F. Try to keep fingers from “flying off” the neck of the guitar
G. When practicing chords, make sure that each note comes out cleanly.
H. When switching chords look for pivot fingers or fingers that are in common between chords that you’re switching between. (For a better understanding of this idea, study the chord chart below).
7. Learn Easy Guitar Chords
(note: this is by no means an exhaustive list of chords, just some useful ones)
For more information, please start here:
8. Learn Strumming Patterns
I will have so many ideas towards this concept, but here is a great article that might really help:
9. Learn Fingerpicking (optional)
10. Learn Easy Guitar Songs
11. Learn The Notes On Guitar (optional)
12. Learn Guitar Scales
b. Blues Scale
13. Learn, Study, and Practice Understanding Music Theory
15. Write Songs (optional)
I know this a lot, but its do-able. I have experience with everyone of these steps, although I will admit, at the time I writte this, I need to “practice” songwriting more. Regardless, let me show you how to break these steps down into chunks that are more achievable and not as overwhelming as it may seem!
Everyone starts at steps 1, 2, and 3. After you’ve done those things, 4, 5, and 6 are foundational. Honestly, most people just focus on 7, 8, and 10. However, you’ll set yourself apart if you focus more on 4, 5, and 6 at least in the beginning, although focusing on no. 6 – building proper technique – will keep you busy for a long time, so don’t bogged down in it, just work on it at least a little every time you sit down.
Again no. 9 – fingerpicking/ finger-style guitar is optional but is a very popular choice these days. (I have a background in classical guitar). It’s not absolutely necessary that you learn it, but it can be great to learn, as you may run into songs that you want to play that use it. Many guitarists build their entire career on finger-style playing, i.e. Tommy Emmanuel, Chet Atkins, Paul Simon, Jeff Beck, Michael Hedges, Mark Knopfler, etc.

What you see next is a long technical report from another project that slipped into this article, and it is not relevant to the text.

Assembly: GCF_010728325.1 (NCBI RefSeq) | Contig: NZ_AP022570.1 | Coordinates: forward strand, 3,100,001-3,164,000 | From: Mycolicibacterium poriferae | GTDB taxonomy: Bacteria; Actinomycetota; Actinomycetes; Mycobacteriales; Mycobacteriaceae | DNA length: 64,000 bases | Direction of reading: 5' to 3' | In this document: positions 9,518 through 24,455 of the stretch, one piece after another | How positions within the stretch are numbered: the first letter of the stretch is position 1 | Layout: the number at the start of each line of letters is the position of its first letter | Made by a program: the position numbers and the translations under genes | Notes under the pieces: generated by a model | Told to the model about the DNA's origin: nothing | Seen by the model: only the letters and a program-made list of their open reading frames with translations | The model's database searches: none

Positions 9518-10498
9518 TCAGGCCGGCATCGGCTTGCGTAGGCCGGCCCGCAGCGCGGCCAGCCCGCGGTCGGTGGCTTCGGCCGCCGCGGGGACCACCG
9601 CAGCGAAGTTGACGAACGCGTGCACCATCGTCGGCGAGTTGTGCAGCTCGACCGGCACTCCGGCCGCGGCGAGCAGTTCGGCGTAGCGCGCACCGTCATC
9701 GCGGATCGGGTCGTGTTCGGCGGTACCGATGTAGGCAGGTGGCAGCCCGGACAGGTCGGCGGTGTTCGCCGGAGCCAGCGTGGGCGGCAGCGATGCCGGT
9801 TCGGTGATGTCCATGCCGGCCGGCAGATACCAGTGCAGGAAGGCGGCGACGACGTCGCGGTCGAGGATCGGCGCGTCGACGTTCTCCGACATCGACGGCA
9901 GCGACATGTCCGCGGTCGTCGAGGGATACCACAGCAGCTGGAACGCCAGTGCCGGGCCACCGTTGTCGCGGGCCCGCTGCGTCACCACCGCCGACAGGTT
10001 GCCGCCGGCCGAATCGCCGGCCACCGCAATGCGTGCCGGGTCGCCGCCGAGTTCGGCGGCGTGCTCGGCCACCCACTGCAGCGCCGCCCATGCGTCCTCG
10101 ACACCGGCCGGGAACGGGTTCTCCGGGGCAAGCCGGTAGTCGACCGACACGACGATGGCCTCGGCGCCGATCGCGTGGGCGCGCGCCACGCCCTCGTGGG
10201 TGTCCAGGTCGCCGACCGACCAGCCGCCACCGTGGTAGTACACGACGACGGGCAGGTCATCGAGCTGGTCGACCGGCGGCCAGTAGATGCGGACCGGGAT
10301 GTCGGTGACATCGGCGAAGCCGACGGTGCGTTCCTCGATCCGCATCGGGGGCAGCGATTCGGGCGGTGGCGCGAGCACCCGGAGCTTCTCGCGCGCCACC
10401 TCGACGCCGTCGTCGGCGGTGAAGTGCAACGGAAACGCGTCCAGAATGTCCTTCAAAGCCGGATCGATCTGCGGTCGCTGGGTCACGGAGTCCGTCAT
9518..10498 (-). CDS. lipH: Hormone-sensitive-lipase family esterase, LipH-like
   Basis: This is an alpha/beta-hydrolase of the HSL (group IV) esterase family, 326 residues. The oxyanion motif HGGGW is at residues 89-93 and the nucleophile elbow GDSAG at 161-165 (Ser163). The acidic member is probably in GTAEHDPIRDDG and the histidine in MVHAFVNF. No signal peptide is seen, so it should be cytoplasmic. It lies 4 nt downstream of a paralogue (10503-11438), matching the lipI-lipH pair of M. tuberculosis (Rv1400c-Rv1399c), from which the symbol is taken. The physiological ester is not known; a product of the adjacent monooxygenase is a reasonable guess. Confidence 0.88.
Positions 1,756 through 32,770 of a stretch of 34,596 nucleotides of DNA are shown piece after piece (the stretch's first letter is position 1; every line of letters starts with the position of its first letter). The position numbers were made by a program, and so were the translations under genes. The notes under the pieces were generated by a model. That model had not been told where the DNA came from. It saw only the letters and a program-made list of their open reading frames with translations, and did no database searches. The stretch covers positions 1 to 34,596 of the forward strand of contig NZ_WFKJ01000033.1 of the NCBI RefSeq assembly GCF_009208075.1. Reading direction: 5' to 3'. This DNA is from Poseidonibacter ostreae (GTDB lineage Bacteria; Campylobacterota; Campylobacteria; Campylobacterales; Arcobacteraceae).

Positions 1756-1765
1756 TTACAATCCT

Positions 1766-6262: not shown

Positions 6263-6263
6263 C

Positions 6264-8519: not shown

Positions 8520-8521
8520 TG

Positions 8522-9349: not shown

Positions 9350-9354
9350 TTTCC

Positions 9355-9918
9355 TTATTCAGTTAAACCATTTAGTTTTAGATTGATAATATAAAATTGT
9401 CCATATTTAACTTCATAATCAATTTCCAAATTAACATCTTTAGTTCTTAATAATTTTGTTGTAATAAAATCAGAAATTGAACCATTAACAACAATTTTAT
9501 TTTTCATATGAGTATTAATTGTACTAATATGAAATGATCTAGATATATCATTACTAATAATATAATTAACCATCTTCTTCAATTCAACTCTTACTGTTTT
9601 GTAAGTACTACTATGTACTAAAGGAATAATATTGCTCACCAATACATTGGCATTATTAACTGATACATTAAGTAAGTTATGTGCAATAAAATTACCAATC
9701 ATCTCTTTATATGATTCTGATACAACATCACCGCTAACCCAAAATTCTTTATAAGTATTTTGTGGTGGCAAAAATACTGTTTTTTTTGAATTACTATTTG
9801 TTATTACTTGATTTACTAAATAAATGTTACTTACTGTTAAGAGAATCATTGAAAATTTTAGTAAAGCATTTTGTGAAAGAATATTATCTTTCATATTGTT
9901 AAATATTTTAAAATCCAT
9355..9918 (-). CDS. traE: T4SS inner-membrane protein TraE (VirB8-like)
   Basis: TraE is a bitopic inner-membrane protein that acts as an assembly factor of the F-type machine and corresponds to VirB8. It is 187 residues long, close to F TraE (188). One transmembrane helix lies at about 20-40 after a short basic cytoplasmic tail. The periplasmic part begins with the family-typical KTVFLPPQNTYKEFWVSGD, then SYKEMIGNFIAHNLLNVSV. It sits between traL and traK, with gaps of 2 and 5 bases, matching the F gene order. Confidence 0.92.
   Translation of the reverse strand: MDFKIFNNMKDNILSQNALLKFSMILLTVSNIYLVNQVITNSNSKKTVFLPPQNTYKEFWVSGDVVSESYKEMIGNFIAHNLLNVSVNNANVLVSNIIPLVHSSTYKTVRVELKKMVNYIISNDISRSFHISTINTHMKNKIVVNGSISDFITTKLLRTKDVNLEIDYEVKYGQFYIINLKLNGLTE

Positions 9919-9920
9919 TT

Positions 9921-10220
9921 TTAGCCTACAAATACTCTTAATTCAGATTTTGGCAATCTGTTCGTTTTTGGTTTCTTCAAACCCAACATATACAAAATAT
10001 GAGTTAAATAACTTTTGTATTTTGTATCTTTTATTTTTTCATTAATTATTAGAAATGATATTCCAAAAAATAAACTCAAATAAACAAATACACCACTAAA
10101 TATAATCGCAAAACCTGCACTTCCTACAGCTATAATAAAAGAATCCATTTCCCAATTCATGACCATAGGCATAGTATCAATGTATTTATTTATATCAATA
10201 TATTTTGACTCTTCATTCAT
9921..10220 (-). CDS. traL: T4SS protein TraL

Optional Steps (If You Really Want To Be Pro)
11 is also optional, but if you want to a pro level player, it can be important. Yes there are many famous and amazing players who didn’t read music, but I’m positive that even if they didn’t know how to read music, they still knew what the sounds they were playing were called, i.e. chords and notes, etc. No. 11 – learning the notes on the guitar isn’t really the same thing as reading music, but it starts down that path.
By the way, reading real sheet music can be important for those who want to play Jazz Guitar, or Classical Guitar or who want to go to a music school like Berklee College of Music. It also is helpful for those who want to be session guitarists or play in musicals on Broadway, or even for high schools and colleges where ever you live. (Note those types of gigs pay really well, often better than bar gigs).
No. 12 – learning scales is also optional but is helpful if your serious, want to learn cool riffs, and especially if you want to learn guitar solos or take solos yourself (improvise).
No. 13 is also optional (see no. 11) for similar ideas since these two really go hand in hand. Again music theory is different than reading music, and I’m again very positive that artists like Jimi Hendrix, the Beatles, and Wes Montgomery knew music theory very well, even if they didn’t read sheet music.
The last two: 14 and 15 are very important, although again optional. 14 – is very important and often overlooked. It’s something that every musician that goes to music school learns (note: to audition at Berklee you need to have had some ear training because they will test you on it for your audition.) ALSO, all those musicians who you look up to who “don’t read sheet music” – guess what they are really good at doing?!
Pro players are good at hearing music and playing back what they hear, often for the first time with very few mistakes, if any. A trained ear is truly not just a gift of the few but it is a necessary and required skill of every musician regardless of what he/ she, etc. play. (note: there is a difference between perfect pitch and relative pitch). All great musicians have the second, but very few have the first.
Even though 15 is optional, it’s still very important especially if you want to stand above the crowd and have something special to add to the world. (We all have special gifts, but songwriting is a another that can be learned, but will set you apart from those who just learn other peoples’ songs).
Again, I know this is a lot, but break it down into small manageable chunks, and step by step you will learn to play guitar and be a great musician!!